13. hevans1944

    hevans1944 Hop - AC8NS

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    Jun 21, 2012
    Sorry, I don't see any circuit included in post #7. And I missed the internal circuit for the two-digit 7SD you included in post #9. And, yes, multiplexing is the correct term.

    You have to multiplex the two digits because, for either of the two digits, any given segment on one digit shares a pin with the same segment on the other digit. So. you have to present the segment data for the first digit and apply voltage to the common anode for that digit. Then you remove the anode voltage for the first digit, present the segment data for the second digit and apply voltage to the common anode for that digit.

    You are correct. You should never try drive two (or more) LEDs connected in parallel. Rule applies whether it is a current source or just a resistor. Each LED (or a series-connected string of LEDs) gets its own current source or resistor.

    I don't know why you are driving the common anodes of the displays with emitter-followers. And you don't need a resistor to limit the anode current. The resistors in the series with the segment cathodes do that.
     
  14. Ch33f

    Ch33f

    27
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    May 18, 2015
    Ok, now it's coming all together. Sorry, I am still a bit slow in the field of electronics and still have to learn a lot. ;)
    And I think I mixed up anode and cathode earlier. :oops:

    So, I need to multiplex the displays because the segments of 2 or more digits share their cathodes (-). Because all segments of any given digit share the same anode (+) I can/have to multiplex the displays by only powering one digit at any given time. This also solves my "Bad" and "Good" problem because I am not driving 2 LEDs in parallel because there is only one digit being and thus only one LED per segment being powerd! :D

    Ok, I think I got it now! Thanks for all your time an patience! :)
    Seing that this would be quite dificult to do with these "70's chips", I think I'll rather track down one of those MAX chips.
     
  15. hevans1944

    hevans1944 Hop - AC8NS

    4,588
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    Jun 21, 2012
    You might look here to purchase in Germany.
     
  16. dorke

    dorke

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    Jun 20, 2015
    Hop,
    that is an "arm and a leg price" ,6 Euros...what? :mad:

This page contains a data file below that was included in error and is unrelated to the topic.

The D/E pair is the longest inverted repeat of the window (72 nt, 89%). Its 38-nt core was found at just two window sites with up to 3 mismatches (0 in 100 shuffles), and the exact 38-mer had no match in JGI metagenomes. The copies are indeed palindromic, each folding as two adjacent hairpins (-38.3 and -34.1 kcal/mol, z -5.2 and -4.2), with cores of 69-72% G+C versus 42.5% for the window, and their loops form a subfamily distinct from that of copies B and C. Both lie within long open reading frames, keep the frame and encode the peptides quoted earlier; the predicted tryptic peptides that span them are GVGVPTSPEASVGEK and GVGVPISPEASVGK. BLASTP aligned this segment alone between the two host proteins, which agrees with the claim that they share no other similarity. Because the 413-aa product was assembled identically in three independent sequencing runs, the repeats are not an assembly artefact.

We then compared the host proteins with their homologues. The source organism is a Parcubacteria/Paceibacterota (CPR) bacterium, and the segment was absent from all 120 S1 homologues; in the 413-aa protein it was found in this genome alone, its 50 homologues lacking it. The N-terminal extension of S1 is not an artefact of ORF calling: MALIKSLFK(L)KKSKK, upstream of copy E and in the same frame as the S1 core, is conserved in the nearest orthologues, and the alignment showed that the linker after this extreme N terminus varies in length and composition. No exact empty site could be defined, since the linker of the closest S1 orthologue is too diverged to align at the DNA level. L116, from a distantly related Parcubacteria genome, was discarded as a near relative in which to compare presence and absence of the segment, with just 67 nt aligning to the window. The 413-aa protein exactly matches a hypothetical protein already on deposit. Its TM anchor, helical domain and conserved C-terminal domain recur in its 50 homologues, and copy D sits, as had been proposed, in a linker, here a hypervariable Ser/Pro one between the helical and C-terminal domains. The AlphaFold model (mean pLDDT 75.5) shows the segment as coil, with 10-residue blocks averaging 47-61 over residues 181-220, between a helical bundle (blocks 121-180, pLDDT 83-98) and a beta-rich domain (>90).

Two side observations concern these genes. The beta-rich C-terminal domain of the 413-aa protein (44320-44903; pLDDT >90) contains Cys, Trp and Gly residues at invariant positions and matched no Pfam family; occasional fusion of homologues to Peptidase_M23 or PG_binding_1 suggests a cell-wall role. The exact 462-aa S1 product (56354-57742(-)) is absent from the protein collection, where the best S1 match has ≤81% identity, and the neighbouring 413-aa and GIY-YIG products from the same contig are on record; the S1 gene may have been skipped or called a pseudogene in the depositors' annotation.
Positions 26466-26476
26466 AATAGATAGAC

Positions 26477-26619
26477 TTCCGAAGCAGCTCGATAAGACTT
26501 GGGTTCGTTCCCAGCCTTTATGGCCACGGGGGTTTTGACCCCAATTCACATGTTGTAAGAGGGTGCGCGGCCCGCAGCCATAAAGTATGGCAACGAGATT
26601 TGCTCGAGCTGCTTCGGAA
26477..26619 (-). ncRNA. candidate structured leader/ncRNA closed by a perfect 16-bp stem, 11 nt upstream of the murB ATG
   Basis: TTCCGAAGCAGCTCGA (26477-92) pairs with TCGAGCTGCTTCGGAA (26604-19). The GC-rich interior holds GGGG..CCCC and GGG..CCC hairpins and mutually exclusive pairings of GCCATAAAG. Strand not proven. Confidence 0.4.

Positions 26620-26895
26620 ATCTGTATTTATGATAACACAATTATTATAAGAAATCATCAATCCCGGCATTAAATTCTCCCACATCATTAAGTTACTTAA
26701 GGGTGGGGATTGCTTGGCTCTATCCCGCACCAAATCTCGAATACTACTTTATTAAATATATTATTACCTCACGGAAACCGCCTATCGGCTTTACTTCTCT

Here it is soled for 0.99$ ,may take longer to arrive though.
     
  17. hevans1944

    hevans1944 Hop - AC8NS

    4,588
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    Jun 21, 2012
    @dorke : At least the OP lives in Germany, where such things are available.
     
  18. Ch33f

    Ch33f

    27
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    May 18, 2015
    Sorry that replying took me so long. Had a really really busy week and a half!

    Amazing that you found it! Thanks!!! :D
    Only one problem: The MAX7221 is for common cathode and the displays I have are common anode. Does anyone know a comparable chip for common anode? Only chip I found is the STLED316S (amazingly with key matrix decoding implemented as well) but I just can't find a retailer for it. :mad:

    But don't make the effort of actually googling it, only if a chip instantly springs to your mind! If you guys don't know any I'll just go with the MAX7221 and figure it out in software. See here for how it's done.
     
    dorke and hevans1944 like this.
  19. Ch33f

    Ch33f

    27
    2
    May 18, 2015
    BTW. how do you find those chips? Are there some advanced search engines that do the trick or have I just not figured out how to google for ICs correctly yet? :confused:
     
  20. hevans1944

    hevans1944 Hop - AC8NS

    4,588
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    Jun 21, 2012
    That Italian "work around" is clever. However, Maxim makes several common-anode LED display drivers. The ICM7218A and ICM7218C are common-anode drivers and the ICM7218B and ICM7218D are common cathode drivers. I have attached a datasheet that describes all four versions. Go here to see other Maxim display driver products.
     

    Attached Files:

    dorke likes this.